Thinking ahead to spring and its warmer weather, if not already working on your fitness, it’s the perfect time to start. If anything can be learned from Re-Model-Me, it’s to focus on your unique path, embracing a diet and exercise techniques that are right for you.
“Jumping recruits all the major
muscles of the lower Body and
the heart. It is one of the most efficient and quickest ways to improve fitness and burn fat."
Roger wears sweatshirt Katie
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Roger wears track pants
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Grooming Franco Vallelonga @
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The male model workout
Who do the professionals turn to for a runway-ready body?
Giles Hattersley meets the model turned trainer Roger Frampton
Would you like a sure-fire way to feel absolutely terrible about yourself? It costs a bit, but if you really want to invest in an ego-kicking that will scar you for life, it can’t be beaten. Here’s what to do: stand in your sitting room, take your top off and exhale deeply, letting your gut hang out to its fullest, most gruesome limit. Then permit an extremely handsome, extremely buff, internationally renowned catwalk model to grab bits of your fat and measure them with a scary pincering device.
“I actually want to die,” I think, averting my eyes from my defiant “one-pack” and fixing my appalled gaze on a far corner of the room. Has it come to this? Male models are bad enough for the soul when they’re confined to flexing in magazines or prancing their eight-packs down a catwalk in the swimwear section of a DSquared show. Let one loose in your home to judge and “improve” you, however, and it’s humiliation on a grand scale. Yet this is the new service offered by Re-Model-Me, a company founded by the model and personal trainer Roger Frampton, 28. Frampton — who has been in campaigns for Ralph Lauren and Thomas Pink and walked every catwalk from McQueen to Armani — has a bold claim to make. He promises that, with enough time and calorie restriction, he can give anyone the body of a fashion model. “Not skinny nor bulky, but lean, toned and defined,” he says. “Those toned figures and ripped torsos aren’t the result of genetics, but hard work.”
To which I reply: “Tosh.” Even from the neck down, models are born, not made. Even male ones who, unlike their female counterparts, don’t also need a profoundly odd skeletal make-up to begin with. Anyway, even if they are made, I’m guessing the process involves an eating disorder, not cottage cheese and jogging. But Frampton is insistent. He likens himself to a plastic surgeon of fitness. Tell him exactly what you want your body to look like, and — short of adding 4in to your legs — he says he’ll make it happen.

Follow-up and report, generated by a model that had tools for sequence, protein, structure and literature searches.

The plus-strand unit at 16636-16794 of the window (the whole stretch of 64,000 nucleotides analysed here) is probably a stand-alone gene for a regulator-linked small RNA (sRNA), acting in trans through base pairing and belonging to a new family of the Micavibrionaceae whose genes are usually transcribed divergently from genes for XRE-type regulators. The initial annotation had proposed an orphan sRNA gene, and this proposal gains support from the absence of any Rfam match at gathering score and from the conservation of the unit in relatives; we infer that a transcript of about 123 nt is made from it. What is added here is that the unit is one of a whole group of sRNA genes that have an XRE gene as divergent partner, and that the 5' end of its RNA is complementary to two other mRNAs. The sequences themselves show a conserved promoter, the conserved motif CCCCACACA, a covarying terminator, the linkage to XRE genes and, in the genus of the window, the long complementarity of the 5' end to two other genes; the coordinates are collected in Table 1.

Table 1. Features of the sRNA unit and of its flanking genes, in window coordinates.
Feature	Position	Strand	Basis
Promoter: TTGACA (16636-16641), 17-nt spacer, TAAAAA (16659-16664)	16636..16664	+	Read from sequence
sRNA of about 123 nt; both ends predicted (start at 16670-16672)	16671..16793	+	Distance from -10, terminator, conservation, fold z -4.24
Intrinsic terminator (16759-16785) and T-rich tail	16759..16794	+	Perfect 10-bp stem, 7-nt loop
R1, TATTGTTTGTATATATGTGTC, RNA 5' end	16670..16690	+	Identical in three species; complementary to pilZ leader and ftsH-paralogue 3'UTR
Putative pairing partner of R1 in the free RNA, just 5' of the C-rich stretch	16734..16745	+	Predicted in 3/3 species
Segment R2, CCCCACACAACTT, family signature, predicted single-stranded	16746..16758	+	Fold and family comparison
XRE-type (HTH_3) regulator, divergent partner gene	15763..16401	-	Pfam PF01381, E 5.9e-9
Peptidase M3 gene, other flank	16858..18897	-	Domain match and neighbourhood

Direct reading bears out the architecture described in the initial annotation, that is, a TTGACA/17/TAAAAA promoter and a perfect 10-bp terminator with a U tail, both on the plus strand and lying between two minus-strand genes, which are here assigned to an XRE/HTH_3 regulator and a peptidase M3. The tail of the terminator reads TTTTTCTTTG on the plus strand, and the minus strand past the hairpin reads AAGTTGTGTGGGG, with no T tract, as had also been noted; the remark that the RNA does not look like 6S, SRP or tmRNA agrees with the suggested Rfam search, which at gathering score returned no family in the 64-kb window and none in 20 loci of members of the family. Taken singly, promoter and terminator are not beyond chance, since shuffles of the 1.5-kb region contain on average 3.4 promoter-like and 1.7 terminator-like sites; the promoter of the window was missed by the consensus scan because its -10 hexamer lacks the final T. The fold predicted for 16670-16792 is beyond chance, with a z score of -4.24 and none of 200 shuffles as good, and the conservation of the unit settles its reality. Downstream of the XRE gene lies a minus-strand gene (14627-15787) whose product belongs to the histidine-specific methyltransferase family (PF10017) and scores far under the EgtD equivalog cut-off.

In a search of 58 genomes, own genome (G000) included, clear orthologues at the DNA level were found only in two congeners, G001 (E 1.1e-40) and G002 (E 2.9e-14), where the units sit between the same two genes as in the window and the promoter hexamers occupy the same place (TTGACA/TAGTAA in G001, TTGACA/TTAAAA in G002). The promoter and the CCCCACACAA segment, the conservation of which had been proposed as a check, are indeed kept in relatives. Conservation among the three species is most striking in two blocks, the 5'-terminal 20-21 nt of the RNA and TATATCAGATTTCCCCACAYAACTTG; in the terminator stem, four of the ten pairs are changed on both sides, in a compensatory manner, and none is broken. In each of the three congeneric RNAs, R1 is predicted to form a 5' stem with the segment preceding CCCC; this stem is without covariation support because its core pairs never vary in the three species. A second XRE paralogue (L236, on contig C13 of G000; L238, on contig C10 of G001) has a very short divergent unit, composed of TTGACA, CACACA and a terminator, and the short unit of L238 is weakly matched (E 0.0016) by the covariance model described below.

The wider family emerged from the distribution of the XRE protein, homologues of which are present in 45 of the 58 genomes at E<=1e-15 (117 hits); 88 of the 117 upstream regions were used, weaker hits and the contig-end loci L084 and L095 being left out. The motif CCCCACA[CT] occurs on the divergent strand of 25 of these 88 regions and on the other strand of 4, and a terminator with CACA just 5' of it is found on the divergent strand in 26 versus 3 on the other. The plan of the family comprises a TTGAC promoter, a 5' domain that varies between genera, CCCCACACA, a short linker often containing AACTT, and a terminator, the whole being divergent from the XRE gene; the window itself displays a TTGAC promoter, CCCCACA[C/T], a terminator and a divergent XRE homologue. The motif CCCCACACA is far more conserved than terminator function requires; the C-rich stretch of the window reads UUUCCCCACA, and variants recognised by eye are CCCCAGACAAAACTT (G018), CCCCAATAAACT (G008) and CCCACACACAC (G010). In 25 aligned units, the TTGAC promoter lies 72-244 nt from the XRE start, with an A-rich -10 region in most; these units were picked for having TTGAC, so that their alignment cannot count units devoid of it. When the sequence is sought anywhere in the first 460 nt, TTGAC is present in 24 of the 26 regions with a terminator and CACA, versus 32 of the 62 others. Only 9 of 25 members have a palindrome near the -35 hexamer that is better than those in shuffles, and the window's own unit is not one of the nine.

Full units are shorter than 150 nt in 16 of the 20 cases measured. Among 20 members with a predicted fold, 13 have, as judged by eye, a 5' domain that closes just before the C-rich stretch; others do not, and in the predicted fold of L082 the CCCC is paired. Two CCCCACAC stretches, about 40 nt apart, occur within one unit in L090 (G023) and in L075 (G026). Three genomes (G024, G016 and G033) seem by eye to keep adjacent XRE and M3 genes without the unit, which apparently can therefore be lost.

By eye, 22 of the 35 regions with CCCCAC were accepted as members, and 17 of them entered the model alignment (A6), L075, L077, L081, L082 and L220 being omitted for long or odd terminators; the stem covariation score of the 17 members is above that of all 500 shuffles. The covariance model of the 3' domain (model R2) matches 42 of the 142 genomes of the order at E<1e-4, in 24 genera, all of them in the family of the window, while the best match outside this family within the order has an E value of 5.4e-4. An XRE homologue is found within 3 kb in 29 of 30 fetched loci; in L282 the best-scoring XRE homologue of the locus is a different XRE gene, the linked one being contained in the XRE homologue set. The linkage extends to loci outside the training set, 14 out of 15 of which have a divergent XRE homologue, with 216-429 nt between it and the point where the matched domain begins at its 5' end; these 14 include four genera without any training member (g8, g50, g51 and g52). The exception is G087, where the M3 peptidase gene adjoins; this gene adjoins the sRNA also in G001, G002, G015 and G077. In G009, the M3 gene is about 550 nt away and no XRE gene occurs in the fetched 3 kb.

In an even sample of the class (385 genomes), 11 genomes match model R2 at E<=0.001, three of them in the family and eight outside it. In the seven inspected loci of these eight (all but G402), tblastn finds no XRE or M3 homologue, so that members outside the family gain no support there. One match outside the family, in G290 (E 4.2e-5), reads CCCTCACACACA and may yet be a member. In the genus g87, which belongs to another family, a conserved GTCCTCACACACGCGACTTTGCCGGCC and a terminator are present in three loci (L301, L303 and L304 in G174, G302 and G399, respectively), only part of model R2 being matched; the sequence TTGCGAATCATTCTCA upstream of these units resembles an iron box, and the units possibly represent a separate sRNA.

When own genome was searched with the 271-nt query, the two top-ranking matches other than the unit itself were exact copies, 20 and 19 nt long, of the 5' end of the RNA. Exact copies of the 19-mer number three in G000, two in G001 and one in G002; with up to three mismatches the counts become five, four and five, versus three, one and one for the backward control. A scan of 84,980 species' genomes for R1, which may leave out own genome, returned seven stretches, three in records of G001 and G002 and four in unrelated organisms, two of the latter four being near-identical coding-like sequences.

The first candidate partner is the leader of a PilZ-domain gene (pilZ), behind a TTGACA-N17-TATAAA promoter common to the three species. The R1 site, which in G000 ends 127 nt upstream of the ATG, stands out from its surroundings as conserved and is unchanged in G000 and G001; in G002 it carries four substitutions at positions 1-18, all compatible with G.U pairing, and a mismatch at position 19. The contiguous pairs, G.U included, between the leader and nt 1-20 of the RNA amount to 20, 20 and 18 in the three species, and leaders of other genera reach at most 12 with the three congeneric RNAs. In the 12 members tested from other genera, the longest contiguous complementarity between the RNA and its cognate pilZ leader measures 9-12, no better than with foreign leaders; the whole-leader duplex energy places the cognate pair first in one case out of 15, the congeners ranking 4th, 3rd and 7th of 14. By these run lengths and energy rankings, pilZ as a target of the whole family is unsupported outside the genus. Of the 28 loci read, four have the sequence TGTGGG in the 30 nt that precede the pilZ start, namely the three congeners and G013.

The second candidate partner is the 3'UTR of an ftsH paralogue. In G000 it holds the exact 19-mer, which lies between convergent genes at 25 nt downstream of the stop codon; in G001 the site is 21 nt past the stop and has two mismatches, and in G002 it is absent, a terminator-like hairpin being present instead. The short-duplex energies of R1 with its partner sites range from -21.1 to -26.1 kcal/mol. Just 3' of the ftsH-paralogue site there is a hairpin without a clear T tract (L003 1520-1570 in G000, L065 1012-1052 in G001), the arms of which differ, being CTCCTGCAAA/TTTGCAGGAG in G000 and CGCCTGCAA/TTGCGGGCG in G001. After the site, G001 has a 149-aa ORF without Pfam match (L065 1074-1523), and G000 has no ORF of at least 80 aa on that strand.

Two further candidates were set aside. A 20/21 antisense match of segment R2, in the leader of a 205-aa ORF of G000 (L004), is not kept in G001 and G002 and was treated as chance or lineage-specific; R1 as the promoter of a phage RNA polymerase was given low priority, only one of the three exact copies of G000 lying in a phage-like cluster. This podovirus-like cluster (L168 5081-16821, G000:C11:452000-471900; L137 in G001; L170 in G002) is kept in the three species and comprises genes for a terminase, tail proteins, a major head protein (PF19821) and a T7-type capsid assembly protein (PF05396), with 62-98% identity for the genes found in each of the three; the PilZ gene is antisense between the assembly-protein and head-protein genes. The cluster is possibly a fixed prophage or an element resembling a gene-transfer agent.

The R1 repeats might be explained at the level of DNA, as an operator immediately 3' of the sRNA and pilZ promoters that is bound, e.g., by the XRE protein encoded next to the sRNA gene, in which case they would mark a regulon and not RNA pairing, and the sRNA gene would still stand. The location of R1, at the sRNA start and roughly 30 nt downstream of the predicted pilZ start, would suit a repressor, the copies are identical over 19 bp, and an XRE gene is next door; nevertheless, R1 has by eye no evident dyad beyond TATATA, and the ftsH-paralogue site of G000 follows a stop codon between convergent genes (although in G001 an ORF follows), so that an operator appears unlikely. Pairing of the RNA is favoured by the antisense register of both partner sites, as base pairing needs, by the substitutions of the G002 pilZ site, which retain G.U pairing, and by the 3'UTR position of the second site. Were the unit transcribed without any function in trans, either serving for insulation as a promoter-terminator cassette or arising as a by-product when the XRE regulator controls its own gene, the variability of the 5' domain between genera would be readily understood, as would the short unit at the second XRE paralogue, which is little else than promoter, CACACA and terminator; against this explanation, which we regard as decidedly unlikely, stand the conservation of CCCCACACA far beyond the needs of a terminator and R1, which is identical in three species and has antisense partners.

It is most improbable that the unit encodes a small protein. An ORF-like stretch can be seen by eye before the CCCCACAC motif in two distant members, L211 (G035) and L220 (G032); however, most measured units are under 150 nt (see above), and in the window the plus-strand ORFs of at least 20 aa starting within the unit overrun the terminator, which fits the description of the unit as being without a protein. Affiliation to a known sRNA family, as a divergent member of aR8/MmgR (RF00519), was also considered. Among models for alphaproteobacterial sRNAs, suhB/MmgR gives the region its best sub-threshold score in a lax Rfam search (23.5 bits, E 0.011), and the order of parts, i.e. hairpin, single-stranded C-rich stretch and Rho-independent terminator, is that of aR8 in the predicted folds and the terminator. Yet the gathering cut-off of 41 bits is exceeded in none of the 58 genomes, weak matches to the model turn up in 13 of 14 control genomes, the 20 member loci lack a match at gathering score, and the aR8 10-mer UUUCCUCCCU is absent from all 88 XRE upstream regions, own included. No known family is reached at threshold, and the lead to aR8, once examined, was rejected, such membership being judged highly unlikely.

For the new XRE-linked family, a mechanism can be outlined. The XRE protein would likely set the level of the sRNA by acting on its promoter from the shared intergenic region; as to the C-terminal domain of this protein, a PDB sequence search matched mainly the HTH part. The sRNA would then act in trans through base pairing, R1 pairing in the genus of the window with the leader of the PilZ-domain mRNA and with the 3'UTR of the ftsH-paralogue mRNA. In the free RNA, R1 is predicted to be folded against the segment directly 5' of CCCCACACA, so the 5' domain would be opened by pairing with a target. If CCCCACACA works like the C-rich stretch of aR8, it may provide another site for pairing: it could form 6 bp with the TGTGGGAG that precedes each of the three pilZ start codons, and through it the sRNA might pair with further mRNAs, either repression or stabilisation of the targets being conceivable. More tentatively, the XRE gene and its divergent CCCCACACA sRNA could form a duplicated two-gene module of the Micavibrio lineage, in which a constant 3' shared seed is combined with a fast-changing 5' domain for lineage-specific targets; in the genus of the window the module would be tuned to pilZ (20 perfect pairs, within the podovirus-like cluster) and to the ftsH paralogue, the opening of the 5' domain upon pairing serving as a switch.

To be fair, he’s been the fashion industry’s secret weapon for a while, and a nicer alternative to its not-so-secret weapon: anorexia. Perhaps his greatest success story is himself. When he started out, he was signed to Storm and, annoyed he wasn’t getting more work, sought his agent’s advice. “They told me I was too big,” he says, as posh designers don’t want huge muscles, more classy definition with a hint of biceps. Frampton asked them for the ideal body measurements and set about compacting his physique. A trained fitness instructor, his transformation — based on superfoods and some brilliant workout tricks — was so impressive, agencies started sending him their chubbier waifs and beer-loving himbos, whom he knocks into shape for catwalk season. He won’t name names, but let’s just say both rank and file and big names in the modelling world all need help keeping their guts in check.
Now, for the first time, he’s offering his services to nonmodels. But, honestly, can it be done? I’m 6ft 1in with a 32in waist, but I’m the wrong side of 30 and not sure my metabolism is up to letting my hip bones jut out. “Of course it is,” says Frampton, cheerfully measuring by body-fat percentage. “Hmm, 17%,” he says. I try not to pass out.
He devises a 12-week program. The secret, he says, is never to use weights, so he does 90% of his training using suspension cables hung from trees that you use to suspend your body weight. This is interspersed with complicated series of high-tempo “dynamic movements”, such as lunges and one-legged squats, which burn masses of fat. “This way you build lean, tight-fitting muscle,” he says. What he doesn’t say is how ridiculously hard it is. After a hefty warm-up that whacks your heart rate to the max, it’s a brutal hour of nonstop exercise. Imagine lifting your body weight up and down for 60 minutes while jogging.